There’s an outside chance that you’ll come across a mean or clueless person who responds with “Really? Who can’t even afford lunch?” This is your fear, right? Does this resemble the little voice in your head? Well, that person is telling you way more about themselves than you are revealing about yourself, and your answer can be “Wow.” orWell, me, until the novelty of having full-time work wears off and regular paychecks become mundane and boring.” And now you know who to avoid at the office from now on.

Most of your coworkers have been in exactly your same shoes one time or another. Sometimes you start a new job and it’s a chance to catch up on old bills after a period of un- or under- employment. Sometimes you need to buy expensive new clothes to even work at that job, so whatever raise you get is immediately consigned to the clearance racks of better department stores as you put together a “professional” wardrobe. Some people are saving for a house, or a trip, or a wedding. Some people just prefer to pack and eat their own food because of dietary stuff. Have you looked into the cost of childcare lately? Sit down before you do, you may need to have a good cry once you see the numbers. It’s actually a very fucked up thing about our culture that we expect people to “perform” having a certain amount of money, even to the point that they feel compelled to lie or to harm themselves by spending money they don’t have.

Fortunately, the more straightforward you are, the more people will just roll with it. The more furtive and shame-y and weird you are, the more people will find it strange. Your money history and your money anxieties are none of anyone’s business, I agree, so don’t feel like you have to apologize or explain anything. Be a good coworker by being good at your work, keep your response to lunch invitations short and simple (“Not today, thanks!“) and you’ll find what feels good and normal in time.

Dear Captain Awkward & Co., 

I hope this email finds you well. I’m the mother of an effervescent 13-month-old and am not pregnant. I would like to be pregnant sometime soon, but not at this moment. I’ve had some chronic health stuff [hypothyroidism and fibroids, details edited down] and some ongoing physical issues in the wake of the pregnancy. The resulting body changes, as well as a lot of childhood abuse and body-shaming, make me sensitive about my appearance. After being on thyroid medication for a year and a half, I’m at a weight with which I’m satisfied, though the fibroid means my stomach will never be 100% flat. Still, I would not think that anyone who looks like me is pregnant.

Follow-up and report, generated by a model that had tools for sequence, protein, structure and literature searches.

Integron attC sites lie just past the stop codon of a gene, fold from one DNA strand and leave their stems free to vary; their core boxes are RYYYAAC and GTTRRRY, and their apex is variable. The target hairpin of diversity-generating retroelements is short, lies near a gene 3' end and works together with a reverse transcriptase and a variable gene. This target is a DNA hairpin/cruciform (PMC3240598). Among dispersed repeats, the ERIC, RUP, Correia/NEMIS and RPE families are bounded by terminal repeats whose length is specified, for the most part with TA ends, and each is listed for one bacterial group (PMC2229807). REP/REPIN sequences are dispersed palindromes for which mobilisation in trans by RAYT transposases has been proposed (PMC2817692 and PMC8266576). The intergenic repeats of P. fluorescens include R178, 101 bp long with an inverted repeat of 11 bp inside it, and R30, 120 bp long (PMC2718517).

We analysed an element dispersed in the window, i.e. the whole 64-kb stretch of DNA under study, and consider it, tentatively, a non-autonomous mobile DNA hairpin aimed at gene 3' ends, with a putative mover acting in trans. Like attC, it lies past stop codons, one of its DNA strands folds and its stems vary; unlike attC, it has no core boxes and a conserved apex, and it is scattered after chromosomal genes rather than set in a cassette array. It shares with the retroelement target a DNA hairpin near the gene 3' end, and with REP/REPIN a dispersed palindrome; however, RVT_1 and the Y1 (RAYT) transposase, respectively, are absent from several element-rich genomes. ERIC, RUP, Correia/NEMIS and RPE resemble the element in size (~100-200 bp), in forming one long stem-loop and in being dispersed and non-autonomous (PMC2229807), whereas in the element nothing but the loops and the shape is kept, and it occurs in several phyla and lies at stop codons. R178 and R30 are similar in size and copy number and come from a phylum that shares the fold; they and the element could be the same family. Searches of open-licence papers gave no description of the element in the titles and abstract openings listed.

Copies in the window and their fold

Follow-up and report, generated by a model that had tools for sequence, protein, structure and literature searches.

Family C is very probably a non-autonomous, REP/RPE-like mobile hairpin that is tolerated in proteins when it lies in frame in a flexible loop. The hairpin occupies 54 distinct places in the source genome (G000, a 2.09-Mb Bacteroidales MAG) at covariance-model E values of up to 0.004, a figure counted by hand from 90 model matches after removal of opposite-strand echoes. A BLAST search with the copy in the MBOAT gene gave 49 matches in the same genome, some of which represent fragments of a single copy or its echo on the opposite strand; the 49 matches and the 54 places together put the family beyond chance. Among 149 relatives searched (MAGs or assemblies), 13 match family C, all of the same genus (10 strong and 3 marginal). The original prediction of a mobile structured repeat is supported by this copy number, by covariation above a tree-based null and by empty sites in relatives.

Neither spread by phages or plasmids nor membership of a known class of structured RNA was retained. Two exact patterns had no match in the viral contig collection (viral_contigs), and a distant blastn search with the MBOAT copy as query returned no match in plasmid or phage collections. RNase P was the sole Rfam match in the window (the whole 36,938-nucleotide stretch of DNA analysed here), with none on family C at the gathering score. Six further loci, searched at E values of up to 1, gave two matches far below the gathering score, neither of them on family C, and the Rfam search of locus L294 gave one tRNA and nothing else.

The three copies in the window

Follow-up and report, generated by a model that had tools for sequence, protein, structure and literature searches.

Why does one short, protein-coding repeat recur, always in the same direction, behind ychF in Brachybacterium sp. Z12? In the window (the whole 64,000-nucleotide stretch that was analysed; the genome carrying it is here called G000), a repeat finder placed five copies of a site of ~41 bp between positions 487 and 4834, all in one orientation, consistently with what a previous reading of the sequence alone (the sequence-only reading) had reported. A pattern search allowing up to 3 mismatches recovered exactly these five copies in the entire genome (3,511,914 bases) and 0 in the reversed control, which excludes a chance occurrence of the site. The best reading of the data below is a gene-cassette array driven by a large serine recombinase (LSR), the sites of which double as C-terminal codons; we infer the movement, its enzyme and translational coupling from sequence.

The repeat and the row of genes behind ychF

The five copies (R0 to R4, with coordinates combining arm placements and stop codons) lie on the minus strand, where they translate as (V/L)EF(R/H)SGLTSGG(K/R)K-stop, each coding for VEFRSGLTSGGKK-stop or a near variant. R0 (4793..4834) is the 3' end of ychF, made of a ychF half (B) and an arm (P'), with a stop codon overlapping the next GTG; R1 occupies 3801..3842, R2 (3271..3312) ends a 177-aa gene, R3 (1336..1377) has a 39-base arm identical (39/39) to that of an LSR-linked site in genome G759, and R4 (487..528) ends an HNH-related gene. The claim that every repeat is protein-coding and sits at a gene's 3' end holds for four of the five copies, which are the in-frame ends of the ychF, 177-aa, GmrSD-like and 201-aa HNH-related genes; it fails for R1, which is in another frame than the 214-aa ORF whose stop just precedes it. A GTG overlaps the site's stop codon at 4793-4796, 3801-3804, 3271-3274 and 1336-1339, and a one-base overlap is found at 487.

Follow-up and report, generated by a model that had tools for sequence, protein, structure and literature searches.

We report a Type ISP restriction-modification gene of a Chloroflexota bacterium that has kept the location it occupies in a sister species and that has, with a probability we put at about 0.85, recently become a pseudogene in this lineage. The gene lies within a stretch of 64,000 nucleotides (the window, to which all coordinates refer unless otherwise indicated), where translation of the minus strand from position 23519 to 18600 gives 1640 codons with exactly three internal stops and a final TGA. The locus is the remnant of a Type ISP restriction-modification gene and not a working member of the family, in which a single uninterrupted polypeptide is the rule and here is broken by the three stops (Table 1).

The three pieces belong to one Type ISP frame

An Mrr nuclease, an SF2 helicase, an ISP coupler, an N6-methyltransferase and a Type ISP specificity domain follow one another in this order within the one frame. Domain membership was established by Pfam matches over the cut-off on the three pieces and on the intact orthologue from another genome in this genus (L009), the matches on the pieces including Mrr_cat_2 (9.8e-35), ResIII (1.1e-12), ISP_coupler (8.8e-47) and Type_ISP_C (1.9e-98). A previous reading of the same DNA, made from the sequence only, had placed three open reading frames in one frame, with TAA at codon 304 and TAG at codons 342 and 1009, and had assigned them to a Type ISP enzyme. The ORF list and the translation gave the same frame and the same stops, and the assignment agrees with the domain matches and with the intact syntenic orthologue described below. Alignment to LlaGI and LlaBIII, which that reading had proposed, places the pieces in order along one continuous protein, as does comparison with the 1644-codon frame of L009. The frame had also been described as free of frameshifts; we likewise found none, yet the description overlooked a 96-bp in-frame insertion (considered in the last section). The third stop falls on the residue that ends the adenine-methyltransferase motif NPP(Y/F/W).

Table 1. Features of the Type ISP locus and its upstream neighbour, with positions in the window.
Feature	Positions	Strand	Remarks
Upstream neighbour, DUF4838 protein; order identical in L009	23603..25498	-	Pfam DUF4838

But approximately every other day, someone asks me if I’m pregnant, and usually explains that it’s because I look pregnant/have a “belly,” etc. Sometimes they backpedal nervously and say that THEY have “problem areas” too, which does not help. Other times they explain to me oh-so-helpfully that most women they know who gave birth worked to get rid of their “belly” long before the one-year point.

I keep deciding that I’ll snarl or maybe say something cutting to the next person who tells me I’m look pregnant, but in the moment I always freeze deer-in-the-headlights style and act very polite and diffident and hate myself afterwards (and obsess miserably over my appearance when I get home).

Do you have a script that I could use that would effectively draw a boundary and indicate to them that their question is inappropriate? These are usually people in the “warm acquaintance” category, or else total strangers.

Thanks in advance, and best wishes,

Notpregnant

Dear Notpregnant: